Fast Answers to Your Most Pressing Debt Collection and Credit Reporting Questions
Can a collection company call multiple times per day? Can a creditor really increase your interest rate if you cannot pay your bills? If you have a question about debt collection, credit reporting, or any other issues related to consumer law, our FAQ section might provide the answer you need right now. If it doesn't, contact us using the contact form or the toll-free number and we'll answer it for you within 24 hours!
- Page 1
Why is base legal refusing to help me with my housing issue?
One of the perks of serving in the military is having access to free legal services. With offices on most bases across the country, military attorneys (judge advocates, or JAG) are available to help servicemembers with a myriad of legal issues, from writing a will to representing a servicemember in a divorce or legal separation. In some cases, the legal assistance office on your base can also help with housing or landlord problems, but only if your housing is not managed by a private contractor. Unfortunately, less than two percent of base housing is owned and managed by the Department of Defense (DoD); the remaining 98 percent is privatized and your base legal office will not be able to represent you in a dispute.
Tenants Get Lost in Deal Between Military and Private Landlords
Because the military has contracts with the property management companies running its base housing, it would be a conflict of interest for military lawyers to sue landlords. This arrangement hurts servicemembers in multiple ways. While state or local law may allow a tenant to withhold rent until a repair is made, servicemembers do not have this option when their housing allowance goes straight to the landlord. Tenants in base housing also cannot report dangerous conditions to local authorities because their inspectors will not be permitted on base.
What Can You Do If You Are Stuck in This Trap?
While you may be advised to the contrary by your landlord and by the legal assistance office on your base, you do have the right to hire your own private attorney to represent you in a landlord dispute. Regardless of the contract between your landlord and your employer, you are entitled to exercise your rights under local, state, and federal laws and, as a Marine and consumer attorney in private practice, I am uniquely qualified to represent you when you are living with mold, rodents, lead paint, or other uninhabitable conditions.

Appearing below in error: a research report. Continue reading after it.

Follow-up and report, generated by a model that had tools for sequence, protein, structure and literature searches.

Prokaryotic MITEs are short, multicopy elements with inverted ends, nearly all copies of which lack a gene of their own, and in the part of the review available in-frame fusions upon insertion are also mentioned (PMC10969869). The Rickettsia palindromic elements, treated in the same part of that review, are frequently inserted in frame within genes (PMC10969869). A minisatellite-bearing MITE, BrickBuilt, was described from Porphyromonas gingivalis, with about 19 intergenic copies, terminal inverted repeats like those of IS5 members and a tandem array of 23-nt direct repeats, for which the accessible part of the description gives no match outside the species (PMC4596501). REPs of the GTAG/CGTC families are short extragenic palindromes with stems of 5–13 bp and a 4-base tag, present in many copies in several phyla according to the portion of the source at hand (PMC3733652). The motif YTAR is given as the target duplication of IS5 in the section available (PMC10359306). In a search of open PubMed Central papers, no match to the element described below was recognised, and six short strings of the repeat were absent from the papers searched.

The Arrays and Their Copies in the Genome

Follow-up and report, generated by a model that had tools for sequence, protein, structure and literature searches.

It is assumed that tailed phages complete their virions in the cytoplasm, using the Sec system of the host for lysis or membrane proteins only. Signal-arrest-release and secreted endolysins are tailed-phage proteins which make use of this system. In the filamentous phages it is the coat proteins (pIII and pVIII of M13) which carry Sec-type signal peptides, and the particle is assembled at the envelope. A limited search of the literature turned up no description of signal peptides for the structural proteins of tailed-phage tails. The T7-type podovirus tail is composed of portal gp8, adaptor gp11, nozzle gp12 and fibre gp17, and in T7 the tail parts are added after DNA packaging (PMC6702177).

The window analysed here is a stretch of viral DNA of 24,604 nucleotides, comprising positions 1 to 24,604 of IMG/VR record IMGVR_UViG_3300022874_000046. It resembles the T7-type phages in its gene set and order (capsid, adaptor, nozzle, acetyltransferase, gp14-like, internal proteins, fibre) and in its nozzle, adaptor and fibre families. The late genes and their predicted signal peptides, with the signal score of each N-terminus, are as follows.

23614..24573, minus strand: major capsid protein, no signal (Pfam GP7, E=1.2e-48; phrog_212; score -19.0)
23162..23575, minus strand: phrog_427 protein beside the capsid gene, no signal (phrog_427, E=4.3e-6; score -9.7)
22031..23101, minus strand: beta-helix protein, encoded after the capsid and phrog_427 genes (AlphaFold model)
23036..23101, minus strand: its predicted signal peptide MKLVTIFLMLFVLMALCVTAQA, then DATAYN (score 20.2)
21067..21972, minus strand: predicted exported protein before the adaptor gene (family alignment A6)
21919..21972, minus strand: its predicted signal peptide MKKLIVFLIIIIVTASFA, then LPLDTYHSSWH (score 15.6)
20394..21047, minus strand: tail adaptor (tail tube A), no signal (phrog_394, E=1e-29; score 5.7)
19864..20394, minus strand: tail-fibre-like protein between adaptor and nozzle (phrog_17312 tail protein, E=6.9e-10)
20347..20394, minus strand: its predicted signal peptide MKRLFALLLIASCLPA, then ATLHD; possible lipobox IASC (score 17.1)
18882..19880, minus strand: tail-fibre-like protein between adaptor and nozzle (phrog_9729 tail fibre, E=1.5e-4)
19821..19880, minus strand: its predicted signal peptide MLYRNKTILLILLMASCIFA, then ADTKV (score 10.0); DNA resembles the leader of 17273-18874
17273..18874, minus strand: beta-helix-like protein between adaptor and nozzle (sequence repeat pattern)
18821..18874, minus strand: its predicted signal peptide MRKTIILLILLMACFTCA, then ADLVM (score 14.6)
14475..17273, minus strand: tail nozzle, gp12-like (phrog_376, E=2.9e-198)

Call Me for a Free Consultation
No matter which branch of the military you are in or where you are stationed, I am available to hear your story and discuss your options. Call or fill out the form on this page for a free case review. You have rights and I am here to protect them!
Can I leave base housing due to uninhabitable conditions?
If you are living with rodent feces, black mold, lead paint, no heat, or dangerous structural damage in a rental house on a military base, you have every right to move your family out to a safer location and you should not be penalized for doing so. However, it’s unlikely that the private company who is managing the housing on base will let you go that easily. In order to exercise your rights, you will probably need a lawyer to fight for you.
Your Right to Habitable Housing
All branches of the military at bases across the country have contracted out management of housing to private partners such as Lincoln Military Housing. The Department of Defense did this 20 years ago because the military could not afford to repair older housing or build new housing. However, on many bases, these companies have done a terrible job of maintaining, repairing, cleaning, and removing pests from the housing they now manage. As a result, servicemembers are finding themselves living in substandard housing that is making them and their children ill.
It’s important to understand that—even though you live on federal property and your landlord is a government contractor—you still have the same tenant rights that everyone else in your state has. One of those rights is the right to housing that is habitable.
The Cost of Moving Out of Your Military Housing